Jennifer Brodeur is in bed by 8:30 p.m. every night, she’s usually up by 4:30 a.m. and she almost never makes plans for anything past 6 p.m. “I decline everything because I know I need to be asleep,” says the 46-year-old Montreal-based facialist – Michelle Obama and Oprah are clients – and entrepreneur. (A recent dinner with friends who agreed to meet at 6:45 p.m. resulted in Brodeur bailing before dessert, at 9 p.m., much to their disappointment. “I told them, ‘When I tell you I’m in bed at this time, it’s not a joke.’”) Though Brodeur has always been an early riser and never slept in, even as a teen, she became disciplined about her schedule when her kids got older and she recognized how vital rest is for her to function – not only now but in the future too. And she doesn’t care if it’s weird or makes it seem like she’s lacking a social life. “I’m okay with not going to events,” she says. “I look forward to sleep.”

While sleep is essential for good health, it’s also Brodeur’s number one skincare tip because, for one thing, it’s free, so everyone has access to it. But it also provides something no product can. “When you sleep, that’s when your body hydrates and repairs itself,” she says. “If you’re not sleeping, your body can’t do those things.” She believes so fiercely in the importance of rest that she devoted a whole chapter to it in her recent book, La Peau et Ses Secrets, which was published in February. (The English version is coming later this year.) Here, she tells us why sleep becomes more critical as we age, why we should sleep on our backs and that we should all be splurging on bedding and pyjamas.

If you’re sleeping very few hours a night, the body is going to work on your vital organs and your skin will always be left behind.

What’s the association between aging, skin and sleep?

“What I’ve noticed over the past 20 years of my career is that as women age, their skin becomes reactive. Women were coming in with eczema and lots of inflammation and [they were] losing their hair – so many different weird phenomena going on – and they’d go see the dermatologist. And then they would come back and be like, ‘There’s no known reason.’ I would ask them how many hours they were sleeping at night, and I’d always get told ‘I sleep enough.’ But if you’re sleeping very few hours a night, the body is going to work on your vital organs and your skin will always be left behind. All the bodily functions – everything that needs to be repaired – are going to be slower. So in order to heal, you need to rest. And sometimes you’re not only not sleeping adequately but you’re falling asleep and then waking up and waking up.”

What could be contributing to that?

“Often there’s a link with the bedding that you’re sleeping on. So I always say to spend on natural fibres. The more synthetic the bedding, the more it’s going to encapsulate heat. And when your body overheats in that first half-hour, it’s going to want to get rid of the heat. So you’re going to start to sweat a little, and then that sweat is going to make you cold and then that’s going to wake you up. And food is a huge thing for sleep, because if you eat too much just before bed, that’s going to mean double time for your intestines – they’re not going to be able to do their job, and you’re going to feel bloated. So if you’re working too hard to digest that food, your skin is going to get even less love. You’re going to wake up and the first thing you’ll notice is that your skin feels like it’s a little swollen or puffy. And then you’ll want to buy an anti-puff eye cream, but that’s not the solution. I’m not saying not to do it, but it’s not going to solve the problem. And you should sleep on your back. I had to train myself.”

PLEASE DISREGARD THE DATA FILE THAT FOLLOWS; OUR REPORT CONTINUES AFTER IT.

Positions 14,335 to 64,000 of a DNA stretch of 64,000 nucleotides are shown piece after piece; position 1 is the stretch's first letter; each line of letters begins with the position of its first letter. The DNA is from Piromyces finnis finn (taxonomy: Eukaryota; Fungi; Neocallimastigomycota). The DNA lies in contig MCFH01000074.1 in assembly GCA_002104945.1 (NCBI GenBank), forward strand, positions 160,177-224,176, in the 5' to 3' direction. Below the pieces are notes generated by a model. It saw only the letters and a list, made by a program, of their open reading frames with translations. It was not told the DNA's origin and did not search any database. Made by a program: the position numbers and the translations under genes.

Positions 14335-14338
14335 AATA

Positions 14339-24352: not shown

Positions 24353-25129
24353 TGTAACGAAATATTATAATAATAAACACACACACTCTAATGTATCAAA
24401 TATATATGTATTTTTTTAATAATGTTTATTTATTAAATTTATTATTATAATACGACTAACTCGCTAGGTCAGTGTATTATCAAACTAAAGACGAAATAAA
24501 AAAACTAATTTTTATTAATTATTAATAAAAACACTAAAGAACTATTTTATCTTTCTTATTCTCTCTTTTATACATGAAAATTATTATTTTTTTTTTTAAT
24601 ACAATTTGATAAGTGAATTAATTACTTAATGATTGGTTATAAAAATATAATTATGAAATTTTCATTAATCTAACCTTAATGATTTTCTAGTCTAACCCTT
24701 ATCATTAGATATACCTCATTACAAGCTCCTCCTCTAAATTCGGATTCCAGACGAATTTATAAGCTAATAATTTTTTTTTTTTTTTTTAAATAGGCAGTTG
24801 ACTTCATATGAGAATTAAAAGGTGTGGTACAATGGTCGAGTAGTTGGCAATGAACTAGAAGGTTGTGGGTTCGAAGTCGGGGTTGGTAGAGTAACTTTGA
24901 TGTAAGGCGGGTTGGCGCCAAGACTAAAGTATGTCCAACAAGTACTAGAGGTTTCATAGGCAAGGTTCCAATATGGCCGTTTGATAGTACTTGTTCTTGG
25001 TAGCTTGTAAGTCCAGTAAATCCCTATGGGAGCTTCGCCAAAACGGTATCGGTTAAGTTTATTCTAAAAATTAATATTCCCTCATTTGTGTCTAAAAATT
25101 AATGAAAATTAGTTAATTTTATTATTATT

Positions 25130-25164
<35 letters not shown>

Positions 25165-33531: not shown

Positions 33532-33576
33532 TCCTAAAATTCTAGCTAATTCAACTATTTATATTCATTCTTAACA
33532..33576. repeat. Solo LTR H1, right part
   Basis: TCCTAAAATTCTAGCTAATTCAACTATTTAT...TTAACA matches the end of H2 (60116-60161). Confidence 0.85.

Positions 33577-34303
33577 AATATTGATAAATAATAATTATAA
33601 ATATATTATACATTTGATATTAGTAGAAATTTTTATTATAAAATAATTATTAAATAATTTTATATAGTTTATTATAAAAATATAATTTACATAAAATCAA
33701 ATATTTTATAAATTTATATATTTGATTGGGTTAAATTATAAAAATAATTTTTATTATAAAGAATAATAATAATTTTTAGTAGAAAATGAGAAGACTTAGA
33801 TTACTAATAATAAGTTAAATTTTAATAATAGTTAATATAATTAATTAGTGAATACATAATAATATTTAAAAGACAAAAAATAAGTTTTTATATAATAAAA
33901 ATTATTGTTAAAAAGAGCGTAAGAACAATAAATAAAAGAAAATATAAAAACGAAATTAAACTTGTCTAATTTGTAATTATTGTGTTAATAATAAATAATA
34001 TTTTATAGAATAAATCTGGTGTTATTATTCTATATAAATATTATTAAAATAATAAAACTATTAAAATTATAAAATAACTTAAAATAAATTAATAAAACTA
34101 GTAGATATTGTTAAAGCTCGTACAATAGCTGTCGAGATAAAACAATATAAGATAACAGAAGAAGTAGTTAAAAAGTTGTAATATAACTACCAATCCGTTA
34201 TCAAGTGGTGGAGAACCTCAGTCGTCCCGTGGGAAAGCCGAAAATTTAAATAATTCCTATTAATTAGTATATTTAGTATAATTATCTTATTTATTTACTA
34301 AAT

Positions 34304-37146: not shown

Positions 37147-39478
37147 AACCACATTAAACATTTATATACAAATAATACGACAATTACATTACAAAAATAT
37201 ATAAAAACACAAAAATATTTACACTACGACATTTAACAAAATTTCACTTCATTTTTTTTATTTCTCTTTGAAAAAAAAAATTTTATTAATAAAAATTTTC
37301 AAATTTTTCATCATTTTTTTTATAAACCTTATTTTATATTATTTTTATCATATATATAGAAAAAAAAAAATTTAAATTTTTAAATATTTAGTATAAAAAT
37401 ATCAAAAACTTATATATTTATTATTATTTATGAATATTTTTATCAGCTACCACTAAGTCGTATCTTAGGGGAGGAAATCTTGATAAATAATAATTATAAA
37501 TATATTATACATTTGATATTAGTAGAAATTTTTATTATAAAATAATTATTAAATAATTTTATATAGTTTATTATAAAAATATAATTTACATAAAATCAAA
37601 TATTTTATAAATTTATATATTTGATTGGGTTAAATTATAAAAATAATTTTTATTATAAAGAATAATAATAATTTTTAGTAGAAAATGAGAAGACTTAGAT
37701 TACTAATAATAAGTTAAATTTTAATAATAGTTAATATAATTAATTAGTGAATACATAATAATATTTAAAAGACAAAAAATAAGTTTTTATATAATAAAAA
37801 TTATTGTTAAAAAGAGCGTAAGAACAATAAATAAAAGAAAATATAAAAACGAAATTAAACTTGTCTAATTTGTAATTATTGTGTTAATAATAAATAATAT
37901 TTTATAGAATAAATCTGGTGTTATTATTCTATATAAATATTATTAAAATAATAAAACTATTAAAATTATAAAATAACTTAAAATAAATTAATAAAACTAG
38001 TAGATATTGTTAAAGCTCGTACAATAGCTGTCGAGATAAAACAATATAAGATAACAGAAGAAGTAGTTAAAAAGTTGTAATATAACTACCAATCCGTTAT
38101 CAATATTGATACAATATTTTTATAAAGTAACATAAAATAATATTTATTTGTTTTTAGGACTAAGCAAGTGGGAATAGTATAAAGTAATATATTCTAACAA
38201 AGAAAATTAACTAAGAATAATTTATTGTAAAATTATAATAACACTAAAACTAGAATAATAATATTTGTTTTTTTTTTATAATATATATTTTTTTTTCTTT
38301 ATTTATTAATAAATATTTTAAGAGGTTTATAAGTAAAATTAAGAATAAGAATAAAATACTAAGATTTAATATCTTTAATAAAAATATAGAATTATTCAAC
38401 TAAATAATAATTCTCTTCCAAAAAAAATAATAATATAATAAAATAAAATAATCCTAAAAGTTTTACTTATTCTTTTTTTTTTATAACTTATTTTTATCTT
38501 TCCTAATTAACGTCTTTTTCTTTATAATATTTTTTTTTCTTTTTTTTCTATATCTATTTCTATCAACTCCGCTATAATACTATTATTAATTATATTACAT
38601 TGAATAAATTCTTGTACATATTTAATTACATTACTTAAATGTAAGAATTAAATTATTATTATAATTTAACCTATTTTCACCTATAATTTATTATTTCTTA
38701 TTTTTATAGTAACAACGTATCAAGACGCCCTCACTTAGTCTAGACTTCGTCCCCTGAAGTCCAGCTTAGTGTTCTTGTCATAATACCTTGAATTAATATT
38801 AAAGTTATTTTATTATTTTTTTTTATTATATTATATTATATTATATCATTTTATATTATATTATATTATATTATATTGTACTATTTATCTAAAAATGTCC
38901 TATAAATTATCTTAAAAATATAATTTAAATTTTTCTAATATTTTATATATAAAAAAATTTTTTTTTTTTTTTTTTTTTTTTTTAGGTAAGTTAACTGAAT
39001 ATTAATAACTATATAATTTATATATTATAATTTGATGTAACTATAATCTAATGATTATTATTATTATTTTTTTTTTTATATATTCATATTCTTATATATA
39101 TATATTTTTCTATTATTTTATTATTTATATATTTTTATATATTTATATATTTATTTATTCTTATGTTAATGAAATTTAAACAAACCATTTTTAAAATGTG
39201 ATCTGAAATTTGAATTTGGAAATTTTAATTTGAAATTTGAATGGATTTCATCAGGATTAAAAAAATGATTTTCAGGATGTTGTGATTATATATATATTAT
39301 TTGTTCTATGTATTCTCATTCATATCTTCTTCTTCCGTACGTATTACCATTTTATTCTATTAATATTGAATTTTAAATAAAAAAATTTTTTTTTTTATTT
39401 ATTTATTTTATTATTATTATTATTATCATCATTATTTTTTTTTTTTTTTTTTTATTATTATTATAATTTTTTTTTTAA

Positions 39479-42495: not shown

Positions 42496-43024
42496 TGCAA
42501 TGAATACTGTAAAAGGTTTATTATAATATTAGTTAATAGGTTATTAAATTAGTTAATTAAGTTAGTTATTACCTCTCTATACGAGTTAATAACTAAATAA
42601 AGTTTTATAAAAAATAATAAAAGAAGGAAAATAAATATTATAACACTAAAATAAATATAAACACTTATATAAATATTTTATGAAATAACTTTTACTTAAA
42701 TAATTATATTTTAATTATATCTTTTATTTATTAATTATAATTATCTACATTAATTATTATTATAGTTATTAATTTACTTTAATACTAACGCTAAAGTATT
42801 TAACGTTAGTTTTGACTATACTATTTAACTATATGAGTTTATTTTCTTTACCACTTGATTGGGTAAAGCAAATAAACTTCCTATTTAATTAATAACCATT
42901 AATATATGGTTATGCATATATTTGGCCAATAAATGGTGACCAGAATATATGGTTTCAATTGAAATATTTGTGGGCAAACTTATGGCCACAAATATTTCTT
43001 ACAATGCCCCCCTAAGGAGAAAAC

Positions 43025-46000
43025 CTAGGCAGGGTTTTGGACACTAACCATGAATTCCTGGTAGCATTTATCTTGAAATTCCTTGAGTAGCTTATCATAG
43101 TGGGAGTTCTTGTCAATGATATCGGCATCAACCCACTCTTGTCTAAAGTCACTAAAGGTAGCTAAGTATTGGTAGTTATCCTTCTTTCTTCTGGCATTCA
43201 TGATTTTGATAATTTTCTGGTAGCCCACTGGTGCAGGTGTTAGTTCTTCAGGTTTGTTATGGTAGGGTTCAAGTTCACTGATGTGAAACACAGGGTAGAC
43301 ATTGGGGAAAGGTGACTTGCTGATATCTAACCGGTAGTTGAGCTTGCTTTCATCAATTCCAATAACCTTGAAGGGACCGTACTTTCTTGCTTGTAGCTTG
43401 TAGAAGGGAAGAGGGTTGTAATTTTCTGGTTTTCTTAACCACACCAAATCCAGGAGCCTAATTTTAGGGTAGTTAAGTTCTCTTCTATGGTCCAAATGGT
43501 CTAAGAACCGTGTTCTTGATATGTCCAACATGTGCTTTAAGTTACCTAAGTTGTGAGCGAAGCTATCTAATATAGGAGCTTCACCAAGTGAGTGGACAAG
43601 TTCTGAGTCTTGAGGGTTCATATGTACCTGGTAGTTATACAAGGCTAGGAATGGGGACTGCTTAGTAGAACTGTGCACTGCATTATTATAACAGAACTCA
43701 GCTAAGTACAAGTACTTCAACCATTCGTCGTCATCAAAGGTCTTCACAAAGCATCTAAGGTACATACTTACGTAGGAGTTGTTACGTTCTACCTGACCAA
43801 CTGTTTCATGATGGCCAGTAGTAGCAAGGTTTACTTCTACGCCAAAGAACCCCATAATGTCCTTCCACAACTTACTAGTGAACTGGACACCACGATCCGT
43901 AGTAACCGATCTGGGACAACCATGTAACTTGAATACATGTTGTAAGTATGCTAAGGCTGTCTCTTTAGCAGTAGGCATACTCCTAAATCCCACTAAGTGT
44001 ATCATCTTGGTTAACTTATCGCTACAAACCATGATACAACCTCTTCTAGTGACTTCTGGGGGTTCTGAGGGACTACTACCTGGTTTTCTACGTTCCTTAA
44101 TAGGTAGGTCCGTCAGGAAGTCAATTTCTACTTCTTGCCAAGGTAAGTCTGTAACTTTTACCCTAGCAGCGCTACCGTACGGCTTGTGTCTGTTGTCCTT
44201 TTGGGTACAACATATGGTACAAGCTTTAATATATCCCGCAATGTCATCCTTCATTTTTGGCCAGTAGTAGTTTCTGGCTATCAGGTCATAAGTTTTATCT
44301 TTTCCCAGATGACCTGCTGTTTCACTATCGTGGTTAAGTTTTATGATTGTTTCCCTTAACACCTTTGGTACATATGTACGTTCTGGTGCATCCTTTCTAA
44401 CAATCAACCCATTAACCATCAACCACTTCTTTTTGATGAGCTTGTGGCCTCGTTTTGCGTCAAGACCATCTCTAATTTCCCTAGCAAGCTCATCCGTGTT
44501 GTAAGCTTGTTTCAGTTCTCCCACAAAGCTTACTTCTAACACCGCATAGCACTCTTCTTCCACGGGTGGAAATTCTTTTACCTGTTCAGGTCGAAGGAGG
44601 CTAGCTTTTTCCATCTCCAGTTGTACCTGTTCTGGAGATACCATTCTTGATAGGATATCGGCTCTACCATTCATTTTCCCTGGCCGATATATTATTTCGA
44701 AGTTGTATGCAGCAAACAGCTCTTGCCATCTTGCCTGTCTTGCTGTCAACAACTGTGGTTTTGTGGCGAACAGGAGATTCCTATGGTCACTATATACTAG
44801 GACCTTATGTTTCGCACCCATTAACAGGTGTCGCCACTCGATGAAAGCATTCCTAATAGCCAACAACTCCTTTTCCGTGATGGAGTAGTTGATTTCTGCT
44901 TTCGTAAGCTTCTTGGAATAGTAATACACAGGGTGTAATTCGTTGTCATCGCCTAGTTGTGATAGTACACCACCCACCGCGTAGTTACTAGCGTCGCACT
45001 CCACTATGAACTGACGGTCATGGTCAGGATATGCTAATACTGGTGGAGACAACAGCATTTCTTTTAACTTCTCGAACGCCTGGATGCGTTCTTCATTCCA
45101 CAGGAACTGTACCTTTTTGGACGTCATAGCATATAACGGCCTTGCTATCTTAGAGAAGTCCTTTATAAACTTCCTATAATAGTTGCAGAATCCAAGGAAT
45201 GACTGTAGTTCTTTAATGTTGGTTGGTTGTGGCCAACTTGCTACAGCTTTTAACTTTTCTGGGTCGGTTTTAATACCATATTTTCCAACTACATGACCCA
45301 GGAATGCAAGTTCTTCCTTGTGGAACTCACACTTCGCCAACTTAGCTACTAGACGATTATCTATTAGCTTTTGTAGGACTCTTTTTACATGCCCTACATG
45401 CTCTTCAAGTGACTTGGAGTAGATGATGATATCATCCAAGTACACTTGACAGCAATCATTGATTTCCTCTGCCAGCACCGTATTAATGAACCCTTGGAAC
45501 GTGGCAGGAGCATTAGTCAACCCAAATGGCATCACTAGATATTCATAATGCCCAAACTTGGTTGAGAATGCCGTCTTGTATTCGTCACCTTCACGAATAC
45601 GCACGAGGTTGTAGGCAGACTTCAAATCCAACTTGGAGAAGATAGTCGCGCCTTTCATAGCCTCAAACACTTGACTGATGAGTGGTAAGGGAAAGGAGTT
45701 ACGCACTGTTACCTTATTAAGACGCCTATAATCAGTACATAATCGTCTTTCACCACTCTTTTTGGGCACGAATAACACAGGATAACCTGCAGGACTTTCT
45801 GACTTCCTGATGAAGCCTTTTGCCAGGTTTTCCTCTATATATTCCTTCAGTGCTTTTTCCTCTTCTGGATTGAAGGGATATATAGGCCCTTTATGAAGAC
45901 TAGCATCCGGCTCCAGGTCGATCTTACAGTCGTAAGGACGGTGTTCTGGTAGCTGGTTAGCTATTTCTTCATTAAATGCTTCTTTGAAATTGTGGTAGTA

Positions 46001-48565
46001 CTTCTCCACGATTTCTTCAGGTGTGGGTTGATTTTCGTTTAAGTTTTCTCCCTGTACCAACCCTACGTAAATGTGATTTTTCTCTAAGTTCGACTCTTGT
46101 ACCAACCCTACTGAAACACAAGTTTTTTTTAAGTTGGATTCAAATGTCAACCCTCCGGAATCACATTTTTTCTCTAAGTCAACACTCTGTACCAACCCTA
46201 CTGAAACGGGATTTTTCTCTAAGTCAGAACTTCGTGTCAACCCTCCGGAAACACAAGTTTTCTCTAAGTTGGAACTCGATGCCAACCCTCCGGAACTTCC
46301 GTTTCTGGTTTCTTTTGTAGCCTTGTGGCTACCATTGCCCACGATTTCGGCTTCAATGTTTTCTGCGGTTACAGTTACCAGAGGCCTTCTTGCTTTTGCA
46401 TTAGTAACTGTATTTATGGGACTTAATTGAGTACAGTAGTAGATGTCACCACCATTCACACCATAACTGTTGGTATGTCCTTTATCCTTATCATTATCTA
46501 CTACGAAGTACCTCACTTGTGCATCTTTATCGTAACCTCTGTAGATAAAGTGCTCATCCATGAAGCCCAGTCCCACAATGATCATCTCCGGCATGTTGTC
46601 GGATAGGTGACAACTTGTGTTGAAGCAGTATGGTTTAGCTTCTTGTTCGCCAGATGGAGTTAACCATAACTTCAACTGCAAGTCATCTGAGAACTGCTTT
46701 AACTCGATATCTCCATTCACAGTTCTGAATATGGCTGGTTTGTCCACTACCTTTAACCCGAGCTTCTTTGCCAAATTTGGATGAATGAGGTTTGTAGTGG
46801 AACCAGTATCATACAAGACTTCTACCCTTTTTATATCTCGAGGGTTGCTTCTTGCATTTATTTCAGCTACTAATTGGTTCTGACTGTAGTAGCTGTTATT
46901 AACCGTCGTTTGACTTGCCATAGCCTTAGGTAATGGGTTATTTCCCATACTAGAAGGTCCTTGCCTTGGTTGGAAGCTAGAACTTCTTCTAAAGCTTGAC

Why is that better?

“If you’re tossing and turning and your skin is going from left to right on your pillowcase, it’s going to create more creasing and more wrinkles. That friction is continual because you sleep one-third of your life. You’re doing this every night for many, many hours. It’s actually more detrimental if you have eczema or acne issues because that friction is going to cause inflammation.”

How many hours of sleep should we get every night?

“I always say a minimum of 7.5. The more we sleep, the easier it is for us to make rational decisions, the more patience we have and the more our skin glows. Because if you’re sleeping and you’re doing well, your body is going to absorb your skincare creams better, so you’re going to get a better result. If you’re sleeping and you’re stressed and you’re waking up and you’re hot and you’re cold? All of these things are going to prevent your products from being absorbed. This is why I always tell women that before they spend all this money on serums and eye creams, they should ‘Go out and buy yourself great pyjamas and good sheets.’”

What else should we be mindful of?

“Skip caffeine in the afternoons and evenings. If you can skip sugar and salt, that’s the best, because the more you eat of it toward the end of day and into the evening, forget it – you’re going to wake up looking like a pufferfish. Make sure you drink water throughout the whole day and that everything you’re sleeping on or in is breathable. Those breathable fibres, whether they’re cotton or wool, [help] you sleep longer because they will help keep in heat but also let the skin breathe.”